Little Joys- Signs of Spring

Garden Gnome keeps watch

I am not the only one watching for signs of Spring.

Celebrating the Earth

This year’s Spring vacation was actually a “stay-cation” and I couldn’t be happier.  I spent a glorious week noticing the daily subtle changes in my own backyard.  Every day is Earth Day to me and every moment of every day has it’s own, never-to-be-replicated beauty.  From a gathering of bluejays to a spectacular sunrise, blink and I miss it.  Gaia calls us to be fully present to experience her rich bounty.

Daffodils in my Garden

The daffodils in my garden lift their joyful heads to the sun.

I celebrate the early spring color palette with each new blossom and blade of grass.  Blink and I miss the brilliant yellow daffodils in my garden lift their joyful heads to the sun.  The yellow forsythias wave their arms in greeting.  The white, delicate lace flowers of the serviceberry act as a veil between me and the clear blue sky.  “Everything is holy now,” Peter Mayer wisely wrote.

A veil of serviceberry blossoms against the bright blue sky

“Everything is Holy now” wrote Peter Mayer.

Blink and I miss the yellows and whites make way for the purple of lilac and hyacinth and the delicate pinks of cherry and dogwood.  Each has it’s own cycle within the greater cycle of transformation that forms the wheel of the year.

Blink and I miss the little place in my garden where a rabbit is preparing a nest for her young.  One day, I noticed the mulch in a flowerbed pushed aside.  Soon, dried grass and straw appeared in a neat little pile.  Then, this little nest materialized.  As I write and look out my window, the nest is completely hidden from view by a mother who instinctively knows what to do for her young ones.  How much wiser would we be if we were more attuned to Nature?  What do we know that we have forgotten?

Rabbit mother prepares for birth

Mulch and soil are pushed aside as a mother rabbit prepares a place for her babies.

Ok, confession time.  At the time of the Winter Solstice, I hung a wreath by my front door.  Amazingly, it stayed perfectly green through December, January, February, and most of March.  I should have taken it down but procrastinated.  By the time I thought about it again, I noticed a bird flitting back and forth from the wreath to wherever she needed to go for food and… you guessed it… building material for her nest.  Well, what could I do?  The wreath is brown and brittle but she loved the location and gave birth to three wee ones.  When they fly the nest, I’ll toss the wreath.  I promise.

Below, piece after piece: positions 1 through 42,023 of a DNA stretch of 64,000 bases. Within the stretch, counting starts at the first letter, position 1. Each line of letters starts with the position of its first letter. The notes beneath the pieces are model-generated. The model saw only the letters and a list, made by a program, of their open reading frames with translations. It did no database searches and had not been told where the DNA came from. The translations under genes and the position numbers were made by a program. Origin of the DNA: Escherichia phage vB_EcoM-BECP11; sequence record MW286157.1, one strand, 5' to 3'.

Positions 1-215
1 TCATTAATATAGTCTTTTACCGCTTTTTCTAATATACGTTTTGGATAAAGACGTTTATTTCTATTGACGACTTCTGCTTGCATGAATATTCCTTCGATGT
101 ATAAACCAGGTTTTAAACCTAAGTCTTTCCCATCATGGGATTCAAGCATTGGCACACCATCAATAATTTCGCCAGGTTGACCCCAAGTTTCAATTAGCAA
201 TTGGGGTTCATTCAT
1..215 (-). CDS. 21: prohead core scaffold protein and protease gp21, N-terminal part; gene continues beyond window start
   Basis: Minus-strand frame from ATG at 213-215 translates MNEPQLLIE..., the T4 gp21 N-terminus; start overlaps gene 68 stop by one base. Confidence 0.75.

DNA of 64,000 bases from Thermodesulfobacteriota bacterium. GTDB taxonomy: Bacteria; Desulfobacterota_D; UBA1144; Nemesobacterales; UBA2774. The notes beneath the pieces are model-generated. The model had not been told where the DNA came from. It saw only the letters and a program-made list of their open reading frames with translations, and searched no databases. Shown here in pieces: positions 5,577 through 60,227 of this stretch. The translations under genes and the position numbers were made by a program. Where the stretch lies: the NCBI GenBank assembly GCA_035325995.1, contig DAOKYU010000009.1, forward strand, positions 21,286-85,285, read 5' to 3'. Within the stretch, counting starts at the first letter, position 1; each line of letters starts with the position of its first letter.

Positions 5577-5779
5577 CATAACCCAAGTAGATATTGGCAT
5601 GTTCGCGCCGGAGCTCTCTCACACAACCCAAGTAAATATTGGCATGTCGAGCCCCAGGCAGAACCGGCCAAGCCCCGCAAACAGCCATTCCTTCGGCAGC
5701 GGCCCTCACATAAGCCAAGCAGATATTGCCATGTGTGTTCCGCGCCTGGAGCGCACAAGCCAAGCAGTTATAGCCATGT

Mother bird chooses a safe place for raising her young.

A winter wreath becomes the birthplace of three birds.

Honoring the Earth

I could sit in reverence all day every day, observing the beings in my yard live, grow, and eventually die.  The cycle of birth-death-rebirth is the natural way of things.  I know.  But Mother Earth calls me to action.  It’s not enough to take, I must give back to stay in right relationship with Her.

I honor Her by vowing to be a steward of the land entrusted to me for as long as I live here.  Ancestors of bloodline and ancestors of place are with me as I cut back dead raspberry canes and clear the space around my grapevines.  I hear my grandfather’s voice echo in my heart, gifting me with his wisdom of flora and fauna.  I see the rainbow of jars in my grandmother’s root cellar- her connection to the land made visible.  I sense the presence of those who tended this plot of land long before “my people” even set foot on the shore of North America as immigrants in the early 20th century.

So I garden without herbicides and pesticides.  I hang prayer flags and make offerings.  I grab a lawn chair and my watercolors for a quick plein air session with the tulips and squirrels.  I pick up every bit of trash that blows into my yard.  It’s heartbreaking to see a birdnest with trash woven in among the grass, straw, and twigs.  I plant native species and compost as much as possible.  I do what I can the best I can.

Most importantly, I sit in silence and listen to her many voices– the wind, the rain, the birdsong, and my own contented sighs of belonging.  Call it prayer, call it meditation,… I call it CONNECTION.

Being in Relationship with Mother Earth